DALLAS (AP) — The case against a white Dallas police officer who shot and killed a black neighbor in the neighbor's home will be presented to a grand jury, which could decide on more serious charges than manslaughter, the district attorney overseeing the case said Monday.
Lawyers for the victim's family questioned why it took three days for officer Amber Guyger to be charged and why she was so quick to use deadly force in her encounter with 26-year-old Botham Jean, who lived in the apartment directly above hers. She told authorities she mistook the neighbor's unit for her own.
The officer was arrested Sunday night and booked into jail in neighboring Kaufman County before being released on bond.
When asked why Guyger was allowed to surrender somewhere other than Dallas County's jail, Dallas County District Attorney Faith Johnson said the decision was made by the Texas Rangers, who are also investigating.
Guyger had just ended a 15-hour shift Thursday when she returned in uniform to the South Side Flats apartment complex. She parked on the fourth floor, instead of the third, where she lived, according to an affidavit filed for the officer's arrest warrant, possibly suggesting that she was confused or disoriented.
When she put her key in the apartment door that was unlocked and slightly ajar, it opened. Inside, the lights were off. Then she saw a figure in the darkness, the affidavit said.
The officer concluded that her apartment was being burglarized and gave verbal commands to the figure, which ignored them. She then drew her weapon and fired twice, the affidavit said.
When she turned on the lights, she realized she was in the wrong unit, according to the affidavit, which appeared to be based almost entirely upon the officer's account.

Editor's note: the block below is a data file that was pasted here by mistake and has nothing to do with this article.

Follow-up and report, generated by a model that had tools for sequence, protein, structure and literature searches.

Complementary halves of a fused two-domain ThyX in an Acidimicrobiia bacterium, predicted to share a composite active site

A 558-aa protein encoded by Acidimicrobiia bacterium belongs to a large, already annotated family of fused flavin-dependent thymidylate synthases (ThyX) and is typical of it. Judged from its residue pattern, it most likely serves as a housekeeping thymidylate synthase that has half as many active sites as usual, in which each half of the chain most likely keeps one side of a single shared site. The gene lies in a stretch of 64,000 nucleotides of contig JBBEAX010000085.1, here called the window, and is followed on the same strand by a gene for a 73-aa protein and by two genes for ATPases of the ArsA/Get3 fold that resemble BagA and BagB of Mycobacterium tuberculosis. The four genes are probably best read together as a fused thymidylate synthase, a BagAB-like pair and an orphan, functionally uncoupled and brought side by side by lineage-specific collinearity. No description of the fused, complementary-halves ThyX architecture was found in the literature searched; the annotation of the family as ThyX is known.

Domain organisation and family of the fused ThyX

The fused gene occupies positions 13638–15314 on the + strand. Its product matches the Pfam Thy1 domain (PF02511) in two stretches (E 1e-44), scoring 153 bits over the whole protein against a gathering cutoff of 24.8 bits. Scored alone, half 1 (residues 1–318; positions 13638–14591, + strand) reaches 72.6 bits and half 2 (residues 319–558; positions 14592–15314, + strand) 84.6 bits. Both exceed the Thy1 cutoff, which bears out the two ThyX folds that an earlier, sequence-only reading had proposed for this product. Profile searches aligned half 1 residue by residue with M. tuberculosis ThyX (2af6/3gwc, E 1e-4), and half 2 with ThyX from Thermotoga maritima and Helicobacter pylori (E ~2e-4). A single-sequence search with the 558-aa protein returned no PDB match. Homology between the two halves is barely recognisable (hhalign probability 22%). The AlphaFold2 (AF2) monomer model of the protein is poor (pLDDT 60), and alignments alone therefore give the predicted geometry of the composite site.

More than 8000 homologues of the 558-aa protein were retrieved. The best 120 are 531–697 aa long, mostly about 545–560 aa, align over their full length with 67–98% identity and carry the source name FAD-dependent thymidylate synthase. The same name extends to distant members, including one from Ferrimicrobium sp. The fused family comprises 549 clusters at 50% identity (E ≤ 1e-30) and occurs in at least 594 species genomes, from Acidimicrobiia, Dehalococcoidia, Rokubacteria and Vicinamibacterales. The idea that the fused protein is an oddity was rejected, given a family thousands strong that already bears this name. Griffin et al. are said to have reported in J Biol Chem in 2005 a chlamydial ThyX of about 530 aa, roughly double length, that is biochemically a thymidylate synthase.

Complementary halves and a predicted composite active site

The Dallas County medical examiner's office said Jean died of a gunshot wound to the chest. His death was ruled a homicide.
Jean's mother said investigators had not given her family an account of what happened. Allison Jean told a news conference that she asked many questions but was told there are no answers yet.
The family hired attorney Benjamin Crump, who is best known for representing the families of Trayvon Martin and Michael Brown. Martin was the black 17-year-old who was fatally shot in 2012 by George Zimmerman, a Hispanic man who was his Orlando-area neighborhood's watch captain. Brown, who was 18, was shot to death in 2014 by a white police officer in Ferguson, Missouri.
"Black people in America have been killed by police in some of the most unbelievable manners," Crump said Monday at a news conference, citing "driving while black in our cars" and "walking while black in our neighborhoods."
Now, he said, "we are being killed living while black when we are in our apartments."